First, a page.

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Caring for first responders at Christmas

Caring for first responders at Christmas

Caring for first responders at Christmas

23 December 2020

Retired Chief Inspector of the NSW Police Force, Salvation Army soldier Gary Raymond, makes sure he is available over the Christmas period to offer emotional and spiritual support to first responders.

By Naomi Singlehurst

After a career working at the frontline of disaster, it would be understandable if Gary Raymond had a bleak view of life. However, he is full of hope this Christmas time.

As a Salvation Army soldier with a deep Christian faith, retired Chief Inspector of the NSW Police Force, Gary Raymond APM, OAM, says he is making sure he is available over Christmas time and throughout the year to offer emotional and spiritual support to first responders.

Caring for others has been a calling for Gary since he witnessed police and ambulance response at an accident at the age of four.

By the age of nine, Gary had joined St John’s Ambulance as a cadet, and at 18, he was put in charge of a trauma ambulance in Sydney.

He went on to join the NSW Police Force, where he worked in a variety of roles including police rescue, and was involved in such disasters as the Hilton Hotel bombing, the Granville train disaster and the Thredbo landslide.

In 2007, Gary was awarded the Order of Australia medal and has also been awarded the Australian Police Medal among other notable recognitions.

Gary, now in retirement, has spoken nationally and internationally about trauma and suicide prevention. He also serves as chaplain to NSW Police Post Trauma Support Groups, chaplain to the NSW Ambulance, welfare officer for the Retired and Former Police Association NSW and more.

Gary says his Christian faith and frontline experiences are completely interconnected with caring for others.

His connection with The Salvation Army began as a child and, literally, he believes, saved his life.

If it wasn’t for a knock at the door by a Salvation Army officer, who invited Gary and his four young brothers to attend Sunday school, Gary may have not lived to serve others.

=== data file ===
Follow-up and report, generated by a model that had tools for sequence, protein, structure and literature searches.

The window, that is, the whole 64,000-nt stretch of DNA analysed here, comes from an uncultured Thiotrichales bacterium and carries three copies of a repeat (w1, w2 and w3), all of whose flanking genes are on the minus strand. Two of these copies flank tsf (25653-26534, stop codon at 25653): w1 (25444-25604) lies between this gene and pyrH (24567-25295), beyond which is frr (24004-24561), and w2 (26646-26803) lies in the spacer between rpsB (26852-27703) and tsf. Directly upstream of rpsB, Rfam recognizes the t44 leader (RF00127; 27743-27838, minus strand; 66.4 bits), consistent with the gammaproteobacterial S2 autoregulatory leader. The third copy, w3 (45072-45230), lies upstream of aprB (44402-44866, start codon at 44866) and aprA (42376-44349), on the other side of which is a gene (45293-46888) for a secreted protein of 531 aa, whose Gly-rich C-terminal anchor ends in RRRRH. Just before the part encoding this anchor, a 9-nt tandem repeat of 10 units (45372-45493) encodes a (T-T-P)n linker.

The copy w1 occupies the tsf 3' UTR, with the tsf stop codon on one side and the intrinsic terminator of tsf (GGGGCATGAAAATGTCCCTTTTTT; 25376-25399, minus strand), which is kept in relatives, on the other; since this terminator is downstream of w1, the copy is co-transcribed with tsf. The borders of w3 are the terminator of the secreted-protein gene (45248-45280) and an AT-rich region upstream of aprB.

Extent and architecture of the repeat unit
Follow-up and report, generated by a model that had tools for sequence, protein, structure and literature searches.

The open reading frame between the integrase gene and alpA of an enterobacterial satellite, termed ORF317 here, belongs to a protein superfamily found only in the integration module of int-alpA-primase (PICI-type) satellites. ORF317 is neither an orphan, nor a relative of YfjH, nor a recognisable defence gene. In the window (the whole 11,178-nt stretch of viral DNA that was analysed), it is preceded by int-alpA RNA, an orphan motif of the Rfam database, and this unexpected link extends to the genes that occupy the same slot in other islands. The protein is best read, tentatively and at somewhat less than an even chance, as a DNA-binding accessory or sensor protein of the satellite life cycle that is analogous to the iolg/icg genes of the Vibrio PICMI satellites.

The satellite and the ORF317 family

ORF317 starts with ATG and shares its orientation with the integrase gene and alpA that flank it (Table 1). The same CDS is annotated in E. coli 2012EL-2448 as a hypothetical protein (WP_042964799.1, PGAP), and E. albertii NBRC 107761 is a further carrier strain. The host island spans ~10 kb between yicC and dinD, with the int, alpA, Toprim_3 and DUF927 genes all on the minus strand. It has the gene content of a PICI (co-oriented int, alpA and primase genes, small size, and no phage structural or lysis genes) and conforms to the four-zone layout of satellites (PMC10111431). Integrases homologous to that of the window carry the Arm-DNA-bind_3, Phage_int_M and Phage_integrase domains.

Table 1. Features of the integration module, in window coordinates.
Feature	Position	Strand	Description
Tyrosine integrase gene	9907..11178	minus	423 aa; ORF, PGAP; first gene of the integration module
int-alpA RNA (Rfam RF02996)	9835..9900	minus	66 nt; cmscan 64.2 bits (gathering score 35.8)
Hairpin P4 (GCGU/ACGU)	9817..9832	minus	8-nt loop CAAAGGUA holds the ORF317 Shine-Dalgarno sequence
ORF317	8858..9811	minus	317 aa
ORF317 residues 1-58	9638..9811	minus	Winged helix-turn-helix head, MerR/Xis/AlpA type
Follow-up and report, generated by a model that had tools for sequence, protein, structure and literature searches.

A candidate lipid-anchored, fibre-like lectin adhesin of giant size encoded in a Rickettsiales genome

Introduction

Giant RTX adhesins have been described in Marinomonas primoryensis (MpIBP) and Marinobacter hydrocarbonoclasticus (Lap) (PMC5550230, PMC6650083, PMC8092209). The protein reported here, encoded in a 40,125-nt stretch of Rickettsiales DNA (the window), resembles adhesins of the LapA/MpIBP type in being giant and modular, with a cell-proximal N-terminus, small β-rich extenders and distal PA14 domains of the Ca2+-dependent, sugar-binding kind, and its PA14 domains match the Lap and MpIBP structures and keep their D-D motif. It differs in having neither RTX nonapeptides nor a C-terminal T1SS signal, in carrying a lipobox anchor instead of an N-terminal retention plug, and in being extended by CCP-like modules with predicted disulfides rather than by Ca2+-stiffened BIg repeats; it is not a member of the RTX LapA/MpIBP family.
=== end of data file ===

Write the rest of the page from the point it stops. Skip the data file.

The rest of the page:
His mother was highly depressed and exhausted by grinding poverty and life with a husband suffering PTSD (after his wartime experiences), who drank and gambled heavily. She often couldn’t afford to feed her children.

Gary’s mum had circled the date on the calendar when she would drug and then kill Gary, along with his four young brothers and herself. Gary explains that the night before that date, she allowed her sons to perform at the Salvos’ corps anniversary.

He says: “We performed on stage singing and doing other items and my mother said she watched us performing knowing full well she would kill us. She felt calm.

“But The Salvation Army officer got up to speak and Mum told me his next words pierced her heart. He said: ‘I feel in my heart God is telling me there is an adult here that needs Jesus to forgive your sin and heal your hurts ... God has told me that this decision will not wait until tomorrow, it has to be tonight!’ Mum stood up and walked quickly forward, bursting into uncontrollable tears.”

The transformation in his family, even the day after, Gary says, was “astonishing”.

His mother told his father what she had been planning to do and Gary says: “My father expressed his deep sorrow and promised things would change, which they drastically did. Several members of our family, including my mum, and later myself, went on to serve The Salvation Army.”

It took Gary into his adult life and many trials to come back to his childhood faith, but he says it became a natural part of his policing.

“God had used me so many times to save the lives of (potentially) suicidal people. As I negotiated, I was able to tell them God loved them and had a plan for their life.”

Although not a fire chaplain, after the ‘Black Summer’ fires of 2019-20 that burned on and around Christmas, Gary was invited to visit several rural fire service stations. He says many involved in fighting the fires have suffered serious trauma.

Gary says the Christmas story is the story of greatest hope – in Jesus.

“On Christmas Day and around the Christmas period in general, I’m so grateful that God’s not a crisis manager, he’s a strategic planner. Even before the beginning of time, the rescue plan was in place for Jesus to come and rescue us from the consequences of our sin and unrighteousness.

“Christmas for me means the beginning of God’s amazing rescue plan for humanity ... Jesus came, as we’re told, through the virgin birth, he ministered, he died and rose from the dead to show us that he was God the Son. 

“Christmas means a celebration of God commencing that rescue plan, for me and for all. I just break into joy, I really do, and I break into worship because he rescued me personally and he offers hope in even the seemingly most hopeless of situations.”

Naomi Singlehurst is Content Specialist – Mission in The Salvation Army Brand and Marketing Department.


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